OK, more seriously, this is one of the things that makes writing worthwhile. The Guardian had an interview with Keira Knightley, in which she said that, if she believed the good stuff, she’d have to believe the bad stuff as well, so it’s better not to believe anything. While we’re in very different situations (like, she’s actually famous), I can’t agree with that position.

I think one of the things that’s hardest to learn, really learn, when going into a creative industry, or just being creative, is that you can’t please everyone. I mean, everyone knows that. It’s a cliché. On the other hand, it’s remarkably difficult to really understand and accept it on a gut level. You can’t please everyone. That means, in concrete terms, that there will be actual people who do not like your work. In this age of blogs, mailing lists, and internet fora, there is a reasonable chance that they will tell you so. Possibly at length, and almost certainly in terms of objective failure.

All this tells you, though, is that you really can’t please everyone.

On the other hand, I’m not creative purely for myself. Some people are, but I want to give pleasure to, and maybe inspire thought in, at least some other people. I don’t think there’s anything wrong with creating purely for yourself, and I do it sometimes; there are files on my hard drive that are not intended for other people to see (and not exclusively because they’re about sex, either). But it’s not what I’m doing in the material that I have published.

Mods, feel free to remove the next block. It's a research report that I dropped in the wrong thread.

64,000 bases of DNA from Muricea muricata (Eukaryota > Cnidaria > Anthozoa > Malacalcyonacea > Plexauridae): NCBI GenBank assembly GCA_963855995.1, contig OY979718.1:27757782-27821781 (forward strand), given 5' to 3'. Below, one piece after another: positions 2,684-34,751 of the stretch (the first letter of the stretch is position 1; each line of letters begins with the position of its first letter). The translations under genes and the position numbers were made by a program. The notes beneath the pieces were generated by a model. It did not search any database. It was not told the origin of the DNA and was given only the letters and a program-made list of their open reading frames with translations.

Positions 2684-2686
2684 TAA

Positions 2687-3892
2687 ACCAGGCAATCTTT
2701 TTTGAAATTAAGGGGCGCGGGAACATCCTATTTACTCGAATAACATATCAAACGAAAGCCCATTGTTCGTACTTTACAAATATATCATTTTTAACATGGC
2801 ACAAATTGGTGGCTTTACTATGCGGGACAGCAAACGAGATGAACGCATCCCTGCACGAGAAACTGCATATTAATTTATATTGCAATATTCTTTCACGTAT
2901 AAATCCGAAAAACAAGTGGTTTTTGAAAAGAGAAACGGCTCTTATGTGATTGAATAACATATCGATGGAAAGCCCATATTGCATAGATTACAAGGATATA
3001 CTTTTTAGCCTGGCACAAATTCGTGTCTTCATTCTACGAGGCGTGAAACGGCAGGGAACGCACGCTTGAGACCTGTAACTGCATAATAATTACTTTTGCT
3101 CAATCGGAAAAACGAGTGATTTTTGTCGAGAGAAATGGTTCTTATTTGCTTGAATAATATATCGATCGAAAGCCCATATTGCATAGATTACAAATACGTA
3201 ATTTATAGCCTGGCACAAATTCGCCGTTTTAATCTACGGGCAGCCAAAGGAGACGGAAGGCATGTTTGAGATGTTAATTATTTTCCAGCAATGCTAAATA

Thus, the appearance of people, like the poster in the thread I referenced, who like my work to the point of describing themselves as a “big fan” of it, means that I have succeeded. Obviously, the more people who think that way, the better, all else being equal, but if there’s even one such person, I haven’t failed. I’ve merely chosen a minority form of expression. (If there were only one, I’d have failed commercially, but that’s a different issue.)

So, I think you can believe both the good and the bad. The bad tells you nothing new, just that you can’t please everyone. The good, on the other hand, does tell you something new. It tells you that, in at least some cases, you have succeeded. It tells you that your work was artistically successful.

And that, I think, is well worth knowing.

Busy, busy, busy…

So, I’m a bit busy at the moment, largely due to having a touch under 30,000 words to write in the next ten days. Other than that, I think I’m fine, but I’m getting a bit behind on email, especially the non-urgent kind.

Lots has happened while I’ve been busy, which is one of the reasons I still have 30,000 words to do; we been back to the clinic and seen our baby again, dancing to the ultrasound. (So the 3D photo is a bit blurry, because Yudetamago just wouldn’t sit still.) One of my US cousins has been to visit. Yuriko’s art fair happened. Yuriko’s brother came to visit, for the art fair. Teaching has still been going on. And did I mention the tens of thousands of words in not very long at all?

So a short blog entry before I go back to work. (Actually, 5,000 words written today, so I won’t be doing any more writing today. I might be burned out tomorrow as it is. And I don’t have time to be burned out.)